One of the tools out there for at-home inseminations is a simple syringe. If you purchase sperm through a sperm bank, but want to inseminate at home, chances are good that they will provide you with needleless syringes to complete the process. You use the syringe in much the same way as implied by the turkey baster, though it’s certainly less unwieldy. You’ll draw the semen into the syringe, and then insert the syringe into your vagina, where you will deposit the sperm. Then, you’ll recline for about a half hour with your hips elevated.
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Fertility Risks Articles
Few people realize how common sexually transmitted diseases (STDs) are among men and women of reproductive age, yet the Centers for Disease Control and Prevention (CDC) estimates that approximately 20 million new STDs occur each year. Some STDs can increase susceptibility to infection by other diseases, including HIV. They can also increase risk for pregnancy and birth complications.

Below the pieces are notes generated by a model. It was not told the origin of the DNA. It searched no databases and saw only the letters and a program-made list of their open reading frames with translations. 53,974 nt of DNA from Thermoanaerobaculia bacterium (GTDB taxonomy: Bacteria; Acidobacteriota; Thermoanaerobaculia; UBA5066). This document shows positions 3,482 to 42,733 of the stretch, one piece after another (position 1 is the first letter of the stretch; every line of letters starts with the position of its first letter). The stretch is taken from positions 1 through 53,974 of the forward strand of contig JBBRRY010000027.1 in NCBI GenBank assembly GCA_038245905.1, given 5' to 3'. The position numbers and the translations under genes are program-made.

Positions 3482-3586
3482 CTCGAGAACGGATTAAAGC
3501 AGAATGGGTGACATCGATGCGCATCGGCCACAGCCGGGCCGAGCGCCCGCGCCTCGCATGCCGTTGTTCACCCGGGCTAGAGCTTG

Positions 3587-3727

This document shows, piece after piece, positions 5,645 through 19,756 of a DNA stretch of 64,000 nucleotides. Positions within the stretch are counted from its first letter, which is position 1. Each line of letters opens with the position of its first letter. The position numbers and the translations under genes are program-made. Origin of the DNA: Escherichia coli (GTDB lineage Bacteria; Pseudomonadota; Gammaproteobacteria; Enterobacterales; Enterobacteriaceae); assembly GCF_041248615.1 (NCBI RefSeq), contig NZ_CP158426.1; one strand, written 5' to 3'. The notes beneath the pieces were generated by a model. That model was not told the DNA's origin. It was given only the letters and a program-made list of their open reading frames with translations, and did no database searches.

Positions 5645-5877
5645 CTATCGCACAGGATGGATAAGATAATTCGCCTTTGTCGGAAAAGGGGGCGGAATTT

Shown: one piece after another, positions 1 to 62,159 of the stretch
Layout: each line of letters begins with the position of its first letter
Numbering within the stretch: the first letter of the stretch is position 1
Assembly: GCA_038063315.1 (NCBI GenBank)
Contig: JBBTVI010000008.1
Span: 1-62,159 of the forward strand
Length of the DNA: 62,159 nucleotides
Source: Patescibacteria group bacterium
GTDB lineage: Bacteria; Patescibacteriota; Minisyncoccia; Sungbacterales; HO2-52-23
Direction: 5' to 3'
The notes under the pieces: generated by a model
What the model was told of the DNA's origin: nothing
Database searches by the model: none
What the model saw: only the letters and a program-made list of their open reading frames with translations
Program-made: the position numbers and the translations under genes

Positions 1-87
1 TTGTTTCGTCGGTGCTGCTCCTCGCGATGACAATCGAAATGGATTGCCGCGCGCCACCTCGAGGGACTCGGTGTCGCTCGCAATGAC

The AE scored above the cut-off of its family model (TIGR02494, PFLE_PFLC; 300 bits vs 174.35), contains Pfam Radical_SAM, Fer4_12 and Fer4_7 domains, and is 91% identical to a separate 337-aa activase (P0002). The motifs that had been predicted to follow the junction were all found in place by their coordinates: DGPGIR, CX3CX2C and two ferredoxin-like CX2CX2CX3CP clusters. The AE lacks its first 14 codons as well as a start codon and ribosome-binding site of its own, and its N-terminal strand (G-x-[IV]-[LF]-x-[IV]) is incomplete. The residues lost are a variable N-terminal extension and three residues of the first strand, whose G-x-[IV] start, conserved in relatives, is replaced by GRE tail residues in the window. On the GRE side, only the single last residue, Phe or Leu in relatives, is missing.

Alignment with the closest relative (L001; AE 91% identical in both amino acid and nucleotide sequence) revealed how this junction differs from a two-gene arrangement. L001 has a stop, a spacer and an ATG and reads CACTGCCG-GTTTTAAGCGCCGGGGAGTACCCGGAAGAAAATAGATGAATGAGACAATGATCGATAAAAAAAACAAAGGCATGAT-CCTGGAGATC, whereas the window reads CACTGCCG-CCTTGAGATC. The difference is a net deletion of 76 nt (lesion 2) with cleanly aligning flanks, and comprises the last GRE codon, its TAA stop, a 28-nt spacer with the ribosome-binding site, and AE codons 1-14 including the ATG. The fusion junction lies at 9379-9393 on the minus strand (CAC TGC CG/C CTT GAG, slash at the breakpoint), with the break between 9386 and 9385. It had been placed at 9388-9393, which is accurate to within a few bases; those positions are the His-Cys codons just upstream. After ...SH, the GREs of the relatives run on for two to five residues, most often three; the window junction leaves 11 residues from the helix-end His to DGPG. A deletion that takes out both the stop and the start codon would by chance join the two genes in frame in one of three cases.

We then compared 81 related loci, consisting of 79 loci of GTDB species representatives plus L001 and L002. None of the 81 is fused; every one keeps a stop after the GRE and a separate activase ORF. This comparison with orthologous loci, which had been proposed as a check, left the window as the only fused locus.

One disconcerting fact that echoes a need for awareness is that some STDs can lead to infertility or cancer if left untreated. Bacteria found in bacterial vaginosis, chlamydia, and gonorrhea can spread to the cervix, uterus, and fallopian tubes causing pelvic inflammatory disease (PID). PID causes inflammation and scar tissue to develop which can inhibit ovulation or lead to ectopic pregnancies. Each year in the United States, approximately 750,000 women are diagnosed with PID, and up to 15% of these women experience infertility.
With sexually transmitted diseases (STDs) ranked as the most common infectious diseases in the U.S., doctors have learned to aid those living with these diseases continue to lead a normal life and bear children.
Fertility Risks Videos
Dr. Alice D. Domar of Domar Center for Health explains the safety behind taking anti-depressants or SSRIs while undergoing IVF treatment.
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Concerned about your daily activities impacting your fertility? Dr. David Meldrum of Reproductive Partners Medical Group in California explains how lifestyle affects fertility.